The Lawyer Inquiry: Sailesh Mehta

Sailesh Mehta practises as a barrister from Verulam chambers. He is general secretary of the Society of Asian Lawyers and sits on the Bar's human rights committee. He was born in Dar-es-Salaam, Tanzania in 1963, and now lives in London.

What was your first job?

Dishwasher in a canteen. On day two of the job I was asked to make a chicken sandwich for a customer. Being a vegetarian, I suggested a cheese & salad sandwich instead. I was sacked.

What was your first salary as a lawyer?

u20 for a bail application for a man charged with stealing two marmoset monkeys. My client insisted I should also have got bail for the monkeys.

What would you have done if you weren't a lawyer?

Probably a trader. At the age of six I started a lucrative business in pencils and slates at the village school in India.

Which law could you live without?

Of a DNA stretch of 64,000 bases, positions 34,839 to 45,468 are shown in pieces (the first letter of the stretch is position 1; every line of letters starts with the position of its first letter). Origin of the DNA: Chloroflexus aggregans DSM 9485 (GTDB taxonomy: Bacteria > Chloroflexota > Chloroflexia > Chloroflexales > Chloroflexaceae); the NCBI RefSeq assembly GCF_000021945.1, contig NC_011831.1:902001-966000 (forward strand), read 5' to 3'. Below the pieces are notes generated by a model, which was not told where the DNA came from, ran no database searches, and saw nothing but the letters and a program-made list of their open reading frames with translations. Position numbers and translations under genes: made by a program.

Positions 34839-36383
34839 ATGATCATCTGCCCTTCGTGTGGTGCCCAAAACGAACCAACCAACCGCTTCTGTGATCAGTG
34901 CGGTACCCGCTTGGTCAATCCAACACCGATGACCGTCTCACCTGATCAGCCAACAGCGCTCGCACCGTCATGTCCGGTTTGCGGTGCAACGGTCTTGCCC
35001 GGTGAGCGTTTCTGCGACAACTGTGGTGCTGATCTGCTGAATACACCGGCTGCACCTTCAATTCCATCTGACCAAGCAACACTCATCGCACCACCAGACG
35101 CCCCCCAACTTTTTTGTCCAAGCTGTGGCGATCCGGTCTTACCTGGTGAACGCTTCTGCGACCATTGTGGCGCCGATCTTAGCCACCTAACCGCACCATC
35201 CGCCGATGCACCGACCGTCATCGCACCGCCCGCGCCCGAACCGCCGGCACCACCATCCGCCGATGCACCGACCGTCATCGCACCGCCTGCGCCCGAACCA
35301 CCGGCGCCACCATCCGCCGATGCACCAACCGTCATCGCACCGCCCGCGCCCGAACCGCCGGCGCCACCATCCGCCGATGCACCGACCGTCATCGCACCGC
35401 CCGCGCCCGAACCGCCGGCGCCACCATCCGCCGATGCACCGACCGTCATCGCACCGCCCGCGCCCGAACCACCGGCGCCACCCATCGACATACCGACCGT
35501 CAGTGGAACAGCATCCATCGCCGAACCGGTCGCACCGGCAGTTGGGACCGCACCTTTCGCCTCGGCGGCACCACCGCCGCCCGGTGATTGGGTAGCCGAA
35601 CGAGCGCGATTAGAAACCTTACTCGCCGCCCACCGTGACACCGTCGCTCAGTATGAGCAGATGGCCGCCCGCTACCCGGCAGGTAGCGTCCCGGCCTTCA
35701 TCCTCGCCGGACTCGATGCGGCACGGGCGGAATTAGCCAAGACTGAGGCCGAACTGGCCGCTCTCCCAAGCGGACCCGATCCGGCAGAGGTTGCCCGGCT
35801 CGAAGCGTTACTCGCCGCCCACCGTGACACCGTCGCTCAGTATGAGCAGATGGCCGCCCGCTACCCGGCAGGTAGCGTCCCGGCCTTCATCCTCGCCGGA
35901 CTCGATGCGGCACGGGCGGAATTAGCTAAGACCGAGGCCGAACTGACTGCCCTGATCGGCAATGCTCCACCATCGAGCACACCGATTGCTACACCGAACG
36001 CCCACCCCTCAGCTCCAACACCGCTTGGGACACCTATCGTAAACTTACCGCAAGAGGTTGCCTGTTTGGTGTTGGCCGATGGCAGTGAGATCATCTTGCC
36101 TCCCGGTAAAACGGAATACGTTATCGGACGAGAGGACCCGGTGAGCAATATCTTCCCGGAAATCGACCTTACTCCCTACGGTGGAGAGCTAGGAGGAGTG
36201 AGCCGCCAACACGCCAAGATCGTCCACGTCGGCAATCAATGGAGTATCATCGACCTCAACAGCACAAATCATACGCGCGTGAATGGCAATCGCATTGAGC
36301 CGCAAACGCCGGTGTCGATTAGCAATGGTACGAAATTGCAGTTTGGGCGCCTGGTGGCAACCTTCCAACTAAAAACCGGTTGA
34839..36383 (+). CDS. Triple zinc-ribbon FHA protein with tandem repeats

I'm always a victim of Sod's Law and would abolish it if I ever became ruler of the universe.

What car do you drive?

Large, petrol-guzzling Bluebird – four major crashes, sounds like a lorry and drives like a tank.

Who inspires you?

Human rights activists fighting murderous regimes, who risk their lives that others may enjoy freedom.

What's the best thing on television?

Brookside and Beavis & Butthead.

Which film do you wish you had appeared in?

The Little Shop of Horrors.

What makes you seethe?

Rude judges.

What is your most-worn piece of clothing?

Wig and gown. After taking 15 measurements and numerous alterations the wigmaker could not get it to fit my irregular head. In court, the wig moves independently of the rest of me.

What, in your opinion, is the worst piece of architecture.

South Bank Centre and any other modern tower block.

What piece of advice would you give to anyone entering the profession now?

I would repeat the advice shouted at me by a partially deaf judge during my first Old Bailey case: "Chest out, chin up and speak clearly!"